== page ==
To make it through our year financially, we’ve got to take advantage of free and low-cost camping whenever we can. RV resorts typically charge $40-$70 dollars a night and offer full hookups, laundry facilities, and sometimes a pool. State parks are a little less. National forests are often $10 or $15, without hook-ups. Harvest Hosts (www.harvesthosts.com) gives you access to farms and wineries where you can park for free, and we’ve used that once with success. We haven’t tried truck stops or a Walmart yet, but those often offer free overnight parking. Rest stops are an option in the western states, but we’ve heard that east of the Mississippi, they don’t look kindly on overnight resters.
We use our trusty app AllStays to search for overnight options wherever we go. It points out places we would never find otherwise. Such as the Waylon Jennings RV Park in Littlefield, Texas (hometown of the country singer). You can stay there for up to four nights for free, and it includes water and electric hook-ups, as well as a dump station. Just west of Lubbock, it was a perfect evening stop for us after we left Santa Fe.
Its a funny little park in the small town, right on a main road and next to baseball fields and the largest horseshoe park I’ve ever seen: about 15 pits. The horseshoe field is named after Fannie Mae Whitfield, Waylon Jennings’ aunt. I wish I’d gotten a photo of the memorial poem engraved on a plaque. But it went something like:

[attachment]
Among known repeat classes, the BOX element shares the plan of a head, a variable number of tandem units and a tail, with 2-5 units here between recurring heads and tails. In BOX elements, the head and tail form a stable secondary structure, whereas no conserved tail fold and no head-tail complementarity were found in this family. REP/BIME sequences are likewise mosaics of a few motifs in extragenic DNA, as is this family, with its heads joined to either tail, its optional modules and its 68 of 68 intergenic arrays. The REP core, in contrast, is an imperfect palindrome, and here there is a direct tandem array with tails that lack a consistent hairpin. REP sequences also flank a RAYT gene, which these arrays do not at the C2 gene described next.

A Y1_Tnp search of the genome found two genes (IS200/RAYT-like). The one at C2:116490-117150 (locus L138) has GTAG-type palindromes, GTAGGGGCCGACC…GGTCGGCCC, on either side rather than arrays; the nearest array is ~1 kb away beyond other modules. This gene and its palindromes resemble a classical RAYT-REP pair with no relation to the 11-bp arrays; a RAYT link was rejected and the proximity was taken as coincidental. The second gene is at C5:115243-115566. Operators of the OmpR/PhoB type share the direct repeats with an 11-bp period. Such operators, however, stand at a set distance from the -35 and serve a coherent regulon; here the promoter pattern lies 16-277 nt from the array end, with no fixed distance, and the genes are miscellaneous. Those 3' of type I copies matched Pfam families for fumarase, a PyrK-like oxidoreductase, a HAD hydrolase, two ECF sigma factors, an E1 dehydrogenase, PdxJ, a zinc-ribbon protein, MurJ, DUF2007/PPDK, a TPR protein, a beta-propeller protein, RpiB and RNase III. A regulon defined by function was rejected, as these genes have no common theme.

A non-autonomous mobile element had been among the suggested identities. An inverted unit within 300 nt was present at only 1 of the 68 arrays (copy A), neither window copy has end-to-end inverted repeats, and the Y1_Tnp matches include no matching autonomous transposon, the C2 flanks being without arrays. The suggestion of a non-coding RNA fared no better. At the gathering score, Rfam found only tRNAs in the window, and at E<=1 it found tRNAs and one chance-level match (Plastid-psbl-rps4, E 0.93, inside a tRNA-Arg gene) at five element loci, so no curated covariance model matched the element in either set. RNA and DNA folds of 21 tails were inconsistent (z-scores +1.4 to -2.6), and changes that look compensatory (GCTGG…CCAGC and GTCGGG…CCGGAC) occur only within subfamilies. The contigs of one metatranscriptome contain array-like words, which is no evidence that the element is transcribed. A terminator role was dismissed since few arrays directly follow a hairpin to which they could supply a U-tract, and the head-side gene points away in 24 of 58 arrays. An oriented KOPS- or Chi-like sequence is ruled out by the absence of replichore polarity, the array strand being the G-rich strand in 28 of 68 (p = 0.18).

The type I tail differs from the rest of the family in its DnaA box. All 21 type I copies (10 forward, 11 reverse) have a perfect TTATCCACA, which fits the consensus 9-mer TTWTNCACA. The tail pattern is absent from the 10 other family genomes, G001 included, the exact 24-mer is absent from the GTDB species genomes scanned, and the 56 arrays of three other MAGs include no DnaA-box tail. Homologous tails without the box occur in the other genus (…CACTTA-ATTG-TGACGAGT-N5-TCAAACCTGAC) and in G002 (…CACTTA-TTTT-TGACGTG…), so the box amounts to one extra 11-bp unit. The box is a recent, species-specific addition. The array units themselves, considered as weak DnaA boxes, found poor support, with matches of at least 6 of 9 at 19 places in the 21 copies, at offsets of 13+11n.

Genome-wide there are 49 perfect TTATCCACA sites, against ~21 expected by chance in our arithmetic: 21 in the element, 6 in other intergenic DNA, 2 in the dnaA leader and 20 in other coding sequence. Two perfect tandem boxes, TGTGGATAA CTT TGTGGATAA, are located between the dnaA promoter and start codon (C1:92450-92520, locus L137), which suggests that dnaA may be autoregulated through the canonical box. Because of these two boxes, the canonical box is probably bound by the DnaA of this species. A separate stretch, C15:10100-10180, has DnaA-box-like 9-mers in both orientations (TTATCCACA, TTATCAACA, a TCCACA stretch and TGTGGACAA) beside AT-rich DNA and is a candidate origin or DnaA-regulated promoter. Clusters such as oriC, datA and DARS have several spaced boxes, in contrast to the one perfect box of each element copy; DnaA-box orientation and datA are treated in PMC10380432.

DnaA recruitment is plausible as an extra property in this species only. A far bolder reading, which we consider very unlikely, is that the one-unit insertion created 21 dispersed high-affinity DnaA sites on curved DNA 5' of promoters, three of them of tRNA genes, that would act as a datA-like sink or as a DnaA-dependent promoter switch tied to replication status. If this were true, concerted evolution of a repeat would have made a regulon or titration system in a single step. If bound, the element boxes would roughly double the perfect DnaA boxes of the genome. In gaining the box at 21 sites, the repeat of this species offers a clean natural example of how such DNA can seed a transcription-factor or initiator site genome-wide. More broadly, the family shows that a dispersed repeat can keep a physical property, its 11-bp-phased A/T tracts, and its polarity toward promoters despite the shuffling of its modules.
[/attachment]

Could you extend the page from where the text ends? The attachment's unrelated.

Be it as she were,
She walked above the rest on earth.
Be it as she is,
She walks above the angels in heaven.
We got there just in time for an exciting thunderstorm. We hunkered down in Bessie, turned off the lights, and watched streaks light up the sky. Listened to thunderclaps and pounding rain.
The storm was still going on the next morning, so we just stayed put until it let up around noon. There were only two other rigs in the park, no host, and it was a perfect little respite for us from dramatic Texas weather. Thank you, Waylon and Littlefield for the free night!